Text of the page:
Arsenic occurs also in a great variety of other minerals, generally as mixed arsenides and sulphides of the heavy metals or as metallic arsenites and arsenates, anhydrous and hydrated. The more common of these are listed below, with their approximate composition. They are to be found in small quantities widely scattered over Europe, Asia, America and Australia. Thus arsenical minerals in great variety are found in the blendes and lead glances of the Eastern Alps, the former containing more than the latter. The apomagmatic deposits contain less than the corresponding perimagmatic zones and, according to Tornquist, the arsenic content of these minerals indicates the possibility of three distinct mineralisation periods. Other arsenic-rich districts in Europe and America have been mentioned; in Asia they are to be found in Siberia, Turkestan, India, China, especially Yunnan Province, and Japan. These arsenical minerals are not, in themselves, of commercial value, but since they occur largely in ore veins and are always associated with other minerals, they frequently become of importance in metallurgical practice.

For the sake of easy reference the foregoing minerals are given in the accompanying tables, together with their approximate chemical composition and more important physical characteristics.


Minerals containing Arsenic

NameApproximate Composition.Hardness (Mohs' Scale).DensityUsual FormArsenic Content, per cent. Approx.
Native Arsenic.As3.55.63 to 5.78Rombohedral90 to 98
Arsenolamprite.As25.3 to 5.5Rombohedral, fibrous90 to 98
Oxides
ArsenoliteAs2O31.53.70 to 3.72Octahedral75.8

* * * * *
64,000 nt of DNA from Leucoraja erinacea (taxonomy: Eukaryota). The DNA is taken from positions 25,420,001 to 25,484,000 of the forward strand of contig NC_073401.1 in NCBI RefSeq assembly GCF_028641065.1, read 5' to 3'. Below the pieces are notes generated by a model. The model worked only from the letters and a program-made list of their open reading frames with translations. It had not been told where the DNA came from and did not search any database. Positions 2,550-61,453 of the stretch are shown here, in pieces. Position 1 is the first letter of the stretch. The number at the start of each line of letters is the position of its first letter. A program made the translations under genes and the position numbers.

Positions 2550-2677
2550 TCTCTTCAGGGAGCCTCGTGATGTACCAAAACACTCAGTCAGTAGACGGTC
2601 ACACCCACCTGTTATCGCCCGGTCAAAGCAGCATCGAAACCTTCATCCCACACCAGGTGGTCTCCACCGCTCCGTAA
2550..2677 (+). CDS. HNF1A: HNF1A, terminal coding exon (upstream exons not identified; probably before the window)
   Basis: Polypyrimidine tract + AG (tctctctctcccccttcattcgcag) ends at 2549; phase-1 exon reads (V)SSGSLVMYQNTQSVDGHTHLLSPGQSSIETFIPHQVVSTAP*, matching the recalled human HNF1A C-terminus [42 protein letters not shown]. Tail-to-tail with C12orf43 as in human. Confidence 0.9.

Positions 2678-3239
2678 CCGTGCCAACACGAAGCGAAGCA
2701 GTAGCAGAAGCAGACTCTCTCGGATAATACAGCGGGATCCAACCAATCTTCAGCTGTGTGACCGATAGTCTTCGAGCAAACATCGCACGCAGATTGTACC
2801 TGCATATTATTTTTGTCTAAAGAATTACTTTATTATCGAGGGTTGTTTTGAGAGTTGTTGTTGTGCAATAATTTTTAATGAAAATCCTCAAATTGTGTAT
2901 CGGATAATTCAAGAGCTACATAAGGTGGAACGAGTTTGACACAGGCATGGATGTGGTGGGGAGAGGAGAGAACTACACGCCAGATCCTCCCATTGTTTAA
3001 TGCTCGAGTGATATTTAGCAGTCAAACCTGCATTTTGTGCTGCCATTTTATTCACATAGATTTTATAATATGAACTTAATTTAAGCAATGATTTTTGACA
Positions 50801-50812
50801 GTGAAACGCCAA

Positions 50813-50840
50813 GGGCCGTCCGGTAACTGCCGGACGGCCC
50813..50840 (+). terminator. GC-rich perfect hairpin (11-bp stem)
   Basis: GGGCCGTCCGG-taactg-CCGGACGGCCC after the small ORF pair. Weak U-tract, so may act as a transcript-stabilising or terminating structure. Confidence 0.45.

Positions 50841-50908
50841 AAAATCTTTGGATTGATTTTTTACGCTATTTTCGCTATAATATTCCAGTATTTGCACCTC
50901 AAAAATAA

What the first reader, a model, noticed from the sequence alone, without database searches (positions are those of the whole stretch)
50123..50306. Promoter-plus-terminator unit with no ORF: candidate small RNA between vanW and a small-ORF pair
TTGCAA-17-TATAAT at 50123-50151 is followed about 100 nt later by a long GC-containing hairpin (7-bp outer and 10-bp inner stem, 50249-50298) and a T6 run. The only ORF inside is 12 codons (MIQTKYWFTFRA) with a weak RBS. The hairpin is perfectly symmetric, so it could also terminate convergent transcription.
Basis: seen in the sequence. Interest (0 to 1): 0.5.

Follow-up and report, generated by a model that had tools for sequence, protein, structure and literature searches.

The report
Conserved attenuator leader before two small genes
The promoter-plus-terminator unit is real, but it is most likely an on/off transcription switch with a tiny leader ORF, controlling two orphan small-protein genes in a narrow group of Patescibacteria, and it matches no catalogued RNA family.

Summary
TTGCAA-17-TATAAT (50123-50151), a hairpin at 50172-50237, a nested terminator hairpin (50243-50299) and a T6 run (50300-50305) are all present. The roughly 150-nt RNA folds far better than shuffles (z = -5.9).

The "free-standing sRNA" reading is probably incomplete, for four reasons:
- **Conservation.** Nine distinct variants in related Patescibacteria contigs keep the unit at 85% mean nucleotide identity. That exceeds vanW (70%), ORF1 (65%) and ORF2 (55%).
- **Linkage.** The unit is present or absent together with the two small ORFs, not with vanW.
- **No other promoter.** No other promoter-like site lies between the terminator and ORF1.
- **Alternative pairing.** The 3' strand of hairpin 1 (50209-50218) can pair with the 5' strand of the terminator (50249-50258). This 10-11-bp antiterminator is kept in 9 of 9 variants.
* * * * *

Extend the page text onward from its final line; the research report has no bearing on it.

ClaudetiteAs2O32.53.85 to 4.15Monoclinic75.8
Sulphides
OrpimentAs2S31.5 to 2.03.4 to 3.5Orthorombic61
AsS1.5 to 2.03.56Monoclinic70
Arsenides
AlgodoniteCu6As47.62Massive granules15 to 17
AllemontiteSbAs33.56.2Rombohedral65
AriteNi(SbAs). . .7.1 to 7.5Massive11 to 33
ArsenoferriteFeAs25.56.42Granular, orthorhombic66 to 67
ChloanthiteNiAs25.5 to 6.06.4 to 6.6Pyritohedral64 to 76
DomeykiteCu3As3.0 to 3.56.7 to 7.7Reniform and botryoidal26 to 29
GeyeriteFeAs2. . .6.25 to 6.8Massive55 to 62
HuntiliteAg3As. . .6.27 to 7.47Granular18.8
LeucopyriteFe3As4 to Fe2As35.0 to 5.57.0 to 7.2Orthorombic64
LollingiteFeAs25.0 to 5.57.0 to 7.4Orthorombic62 to 72
NiccoliteNiAs5.0 to 5.57.33 to 7.67Massive (crystals rare)47 to 53.5
Rammelsbergite(Ni, Co, Fe)As25.5 to 6.06.9 to 7.2Orthorombic68 to 71.5
Safflorite(Co, Fe)As24.5 to 5.06.9 to 7.3Orthorombic66 to 71
SkutteruditeCoAs366.72 to 7.86Pyritohedral77.8 to 79.2
SmaltiteCoAs25.5 to 6.06.4 to 6.6Pyritohedral64 to 76
SperrylitePtAs26 to 710.6Cubic41
Whitneyite (Darwinite)Cu9As3.58.4 to 8.6Massive, granular11.5 to 12.3
Arsenosulphides
AlloclasiteCo(As, Bi)S4.56.6Columnar28 to 33
Arsenopyrite (Mispiekel)FeAsS5.5 to 6.05.9 to 6.3Orthorhombic42 to 46
Baumhauerite4PbS.3As2S335.33Monoclinic26
Binnite3Cu3S. As2S32.5 to 3.04.5Massive30
Clarite3Cu3S. As2S53.54.46Monoclinic17.5 to 18.0
Cobaltite (Cobalt glance).CoS2.CoAs25.56.0 to 6.3Cubic, pyritohedral42.5 to 45.5
CoryniteNi(As, Sb)S4.5 to 5 06Octahedral37 to 38
Dufrenoysite2PbS.As2S335.56Orthorhombic20 to 22
Enargite3Cu3S.As2S534.45Orthorhombic13.5 to 19.5
Epigenite4Cu3S.3FeS.As2S53.54.45Orthorhombic12 to 13
GersdorffiteNiS2.NiAs25.55.6 to 6.2Cubic, pyritohedral34.5 to 46
Glaucodote (Danaite)(Fe, Co)AsS55.9 to 6Orthorhombic43 to 44
Guitermanite3PbS.As2S335.94Massive14 to 15
Jordanite4PbS. As2S336.4Orthorhombic10 to 13
Luzonite3Cu3S.As2S53.54.42Massive16.5
PaciteFeS2.4FeAs2. . .6.0 to 6.3Orthorhombic. . .
Pearceite9Ag2S. As2S336.1 to 6.2Monoclinic. . .
Proustite3Ag2S.As2S32 to 2.55.57 to 5.64Rhombohedral14.8 to 15.6
Rathite3PbS.2As2S335.3 to 5.4Orthorhombic. . .
Regnolite5CuS.FeS.ZnS.As2S53.54.5Tetrahedral15
Reniformite5PbS.As2S6. . .6.45Reniform aggregates10
RittingeriteAg3As(S, Se)42 to 2.55.63Monoclinic. . .
SartoritePbS.As2S335.4Orthorhombic28 to 29
SeligmanniteCuPbAsS33. . .Orthorhombic. . .
Tennantite4Cu3S.As2S33 to 4.54.4 to 4.5Tetrahedral25 to 28
Tetrahedrite (Fahlerz)(Sb, As)2S33 to 4.54.7 to 4.9Tetrahedral0 to 20
WolfachiteNi(As, Sb)S4.5 to 5 06.4Orthorhombic38.8
Xanthoeonite3Ag2S. As2S525.0 to 5.2Rhombohedral13.5 to 14.5
Arsenites and Arsenates
AdamiteZn2(OH)AsO43.54.35Prismatic
AdeliteCa(MgOH)AsO453.73Monoclinic
AllactiteMn3As2O8.4Mn(OH)24.53.85Monoclinic